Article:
What is a tax warrant in Oklahoma? A tax warrant equals a tax lien. Thankfully, a tax warrant differs from an arrest warrant. Unless you committed blatant tax fraud, you can probably breathe easy! However, tax warrants can still pack a punch. To avoid a bad outcome, you should take note of the following threats posed by an Oklahoma tax warrant.
OKLAHOMA TAX WARRANTS CAN TIE UP YOUR PROPERTY AUTOMATICALLY.
Based on Oklahoma title examination standards, when the Oklahoma tax commission files a tax warrant with the county clerk, it becomes a lien against your property. In other words, the tax debt “attaches” to your property. Therefore, the property likely cannot sell until the tax debt gets paid. In addition, the lien can prevent you from taking out a second mortgage or loan against the property. The same thing can happen due to a federal tax lien.
TAX WARRANTS CAN LEAD TO FORECLOSURE ON YOUR PROPERTY.
In certain circumstances, the Oklahoma Tax Commission (or the IRS) can foreclose on your property to satisfy a tax debt. A tax lien, also called a tax warrant, sets the stage for a foreclosure lawsuit. So, if you want to avoid foreclosure, take care of tax liens as quickly as possible. Due to laws protecting the state and federal government, tax creditors possess special rights. For this reason, tax creditors pose a unique threat to your property. If you wait too long, you might forfeit certain rights and privileges.
TAX WARRANTS CAN LOOK BAD ON YOUR RECORD.
No, tax warrants don’t create a criminal record. But they do appear in the public record, allowing employers, landlords, and other interested parties to learn of your personal financial affairs. With a little digging, most interested persons can discover outstanding tax warrants or liens. They can also discover whether those debts were ultimately satisfied. By taking care of your tax warrant in the proper manner, you can limit damage to your public image.
TAX WARRANTS CAN LEAD TO GARNISHMENT OF WAGES AND BANK ACCOUNTS.
A tax warrant goes hand-in-hand with a judgment for tax debt. A judgment forms the basis for garnishment. Creditors use garnishment to suck money out of paychecks and bank accounts. This can occur with or without your knowledge. Therefore, do not assume that a tax warrant simply floats around in the legal sky, lacking any real consequences. The warrant (or lien) can quickly become a real problem when creditors begin the garnishment process.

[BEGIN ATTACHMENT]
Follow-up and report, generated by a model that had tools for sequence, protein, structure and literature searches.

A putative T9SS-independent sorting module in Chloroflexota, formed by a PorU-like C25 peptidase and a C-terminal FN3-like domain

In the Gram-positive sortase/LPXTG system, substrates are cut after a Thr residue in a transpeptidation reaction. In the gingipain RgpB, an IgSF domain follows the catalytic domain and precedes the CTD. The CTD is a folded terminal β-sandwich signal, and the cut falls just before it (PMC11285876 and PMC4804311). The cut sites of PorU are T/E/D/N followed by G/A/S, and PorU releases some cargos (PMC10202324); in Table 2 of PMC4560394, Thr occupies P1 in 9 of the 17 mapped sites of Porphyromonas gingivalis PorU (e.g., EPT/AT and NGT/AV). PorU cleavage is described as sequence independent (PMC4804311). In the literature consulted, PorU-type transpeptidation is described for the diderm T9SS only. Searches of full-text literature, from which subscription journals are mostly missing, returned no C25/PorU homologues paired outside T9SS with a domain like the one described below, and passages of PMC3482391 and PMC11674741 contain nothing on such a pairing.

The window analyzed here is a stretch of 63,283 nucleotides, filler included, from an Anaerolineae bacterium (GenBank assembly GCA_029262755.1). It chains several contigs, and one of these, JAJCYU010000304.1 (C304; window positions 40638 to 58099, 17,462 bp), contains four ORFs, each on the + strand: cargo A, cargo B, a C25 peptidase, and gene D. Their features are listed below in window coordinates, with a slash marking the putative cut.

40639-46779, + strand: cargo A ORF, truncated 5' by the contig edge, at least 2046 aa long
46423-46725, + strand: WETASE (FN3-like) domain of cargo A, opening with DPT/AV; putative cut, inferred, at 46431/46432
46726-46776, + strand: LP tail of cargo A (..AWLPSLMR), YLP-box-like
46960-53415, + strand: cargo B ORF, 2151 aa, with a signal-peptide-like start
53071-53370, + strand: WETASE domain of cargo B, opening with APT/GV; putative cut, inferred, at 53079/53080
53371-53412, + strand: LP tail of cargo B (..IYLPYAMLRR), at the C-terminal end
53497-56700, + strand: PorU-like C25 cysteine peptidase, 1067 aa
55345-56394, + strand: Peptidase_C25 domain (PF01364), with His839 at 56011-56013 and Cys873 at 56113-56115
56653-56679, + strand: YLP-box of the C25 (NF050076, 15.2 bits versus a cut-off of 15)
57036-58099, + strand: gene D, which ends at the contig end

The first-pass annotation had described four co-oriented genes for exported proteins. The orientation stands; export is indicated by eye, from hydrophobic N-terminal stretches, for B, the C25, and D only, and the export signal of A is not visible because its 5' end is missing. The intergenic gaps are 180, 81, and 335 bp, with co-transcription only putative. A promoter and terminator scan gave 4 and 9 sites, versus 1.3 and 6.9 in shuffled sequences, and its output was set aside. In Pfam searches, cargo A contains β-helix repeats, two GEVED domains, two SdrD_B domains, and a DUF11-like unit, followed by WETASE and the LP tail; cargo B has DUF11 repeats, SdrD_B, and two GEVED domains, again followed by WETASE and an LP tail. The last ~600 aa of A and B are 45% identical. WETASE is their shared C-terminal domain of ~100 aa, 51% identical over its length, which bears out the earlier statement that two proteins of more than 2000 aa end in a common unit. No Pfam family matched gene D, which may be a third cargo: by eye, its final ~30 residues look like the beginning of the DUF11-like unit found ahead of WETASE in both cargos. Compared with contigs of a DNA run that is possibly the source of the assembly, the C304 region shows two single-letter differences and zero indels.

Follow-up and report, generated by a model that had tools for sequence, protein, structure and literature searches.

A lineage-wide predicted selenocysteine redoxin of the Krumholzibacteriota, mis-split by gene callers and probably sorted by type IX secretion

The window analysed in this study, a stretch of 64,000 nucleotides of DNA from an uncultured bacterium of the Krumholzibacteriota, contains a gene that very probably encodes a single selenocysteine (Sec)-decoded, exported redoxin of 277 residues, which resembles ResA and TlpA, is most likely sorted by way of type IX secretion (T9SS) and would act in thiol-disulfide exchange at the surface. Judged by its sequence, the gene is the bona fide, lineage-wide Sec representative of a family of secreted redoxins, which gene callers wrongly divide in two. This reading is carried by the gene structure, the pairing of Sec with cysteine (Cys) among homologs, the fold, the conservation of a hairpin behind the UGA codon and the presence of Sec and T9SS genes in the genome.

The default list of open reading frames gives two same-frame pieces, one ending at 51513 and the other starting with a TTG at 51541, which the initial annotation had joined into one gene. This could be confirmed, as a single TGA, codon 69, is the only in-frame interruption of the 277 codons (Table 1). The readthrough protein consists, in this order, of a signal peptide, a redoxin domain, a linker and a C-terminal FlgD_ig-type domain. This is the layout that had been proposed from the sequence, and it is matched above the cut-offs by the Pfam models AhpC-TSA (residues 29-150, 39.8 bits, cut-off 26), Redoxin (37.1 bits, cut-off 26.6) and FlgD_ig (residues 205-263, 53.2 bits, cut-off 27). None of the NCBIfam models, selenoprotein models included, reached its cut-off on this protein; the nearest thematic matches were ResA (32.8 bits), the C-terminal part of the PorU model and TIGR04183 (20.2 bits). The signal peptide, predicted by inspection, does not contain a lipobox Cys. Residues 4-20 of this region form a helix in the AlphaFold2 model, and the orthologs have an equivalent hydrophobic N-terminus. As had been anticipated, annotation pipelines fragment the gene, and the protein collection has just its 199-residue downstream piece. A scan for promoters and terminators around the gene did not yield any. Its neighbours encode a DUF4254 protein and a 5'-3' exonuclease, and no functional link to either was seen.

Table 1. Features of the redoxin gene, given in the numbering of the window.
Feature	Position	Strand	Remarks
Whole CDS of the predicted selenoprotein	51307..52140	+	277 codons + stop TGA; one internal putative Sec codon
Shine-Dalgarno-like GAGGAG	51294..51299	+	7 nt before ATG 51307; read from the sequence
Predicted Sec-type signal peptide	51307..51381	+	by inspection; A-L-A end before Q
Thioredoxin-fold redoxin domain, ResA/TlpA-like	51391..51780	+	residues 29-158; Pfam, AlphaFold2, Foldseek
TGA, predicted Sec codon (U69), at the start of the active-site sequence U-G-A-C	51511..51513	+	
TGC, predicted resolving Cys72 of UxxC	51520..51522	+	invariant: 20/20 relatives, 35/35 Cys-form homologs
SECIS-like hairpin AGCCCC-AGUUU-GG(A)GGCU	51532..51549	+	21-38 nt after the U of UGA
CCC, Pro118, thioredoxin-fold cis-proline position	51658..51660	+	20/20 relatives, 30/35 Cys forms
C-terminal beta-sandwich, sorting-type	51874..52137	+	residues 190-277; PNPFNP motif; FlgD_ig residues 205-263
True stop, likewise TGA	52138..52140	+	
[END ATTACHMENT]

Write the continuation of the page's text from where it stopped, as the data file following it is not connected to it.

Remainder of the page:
WHAT TO DO ABOUT TAX WARRANTS IN OKLAHOMA.
If at all possible, pay off the tax debt immediately. Tax creditors are not to be trifled with. Unless you have a very strong legal reason for contesting the debt, any attempt to avoid the debt will likely end poorly. However, in some cases, immediate payment is impossible. If you cannot pay the debt all at once, offer to make monthly payments. Come up with a monthly figure that suits your budget, and make a compelling argument to the creditor.
If the creditor refuses a payment plan, investigate alternative financing options. Take out a loan and use the money to pay off the tax debt. Rather than making monthly payments to the tax creditor, you will make monthly payments to the new creditor. In this way, you can achieve the same end result: making monthly payments to satisfy the tax debt. The tax warrant disappears, and you continue paying your new lender over time.
In some cases, you may wish to contest the validity of the tax warrant. Perhaps the government miscalculated your taxes, charged you twice, or billed the wrong person. If you believe the debt can be invalidated, contact an attorney. However, before refusing to pay the debt, allow a legal profession to review your case and explain your options. If you try to avoid the debt and fail, you will end up in a far worse position.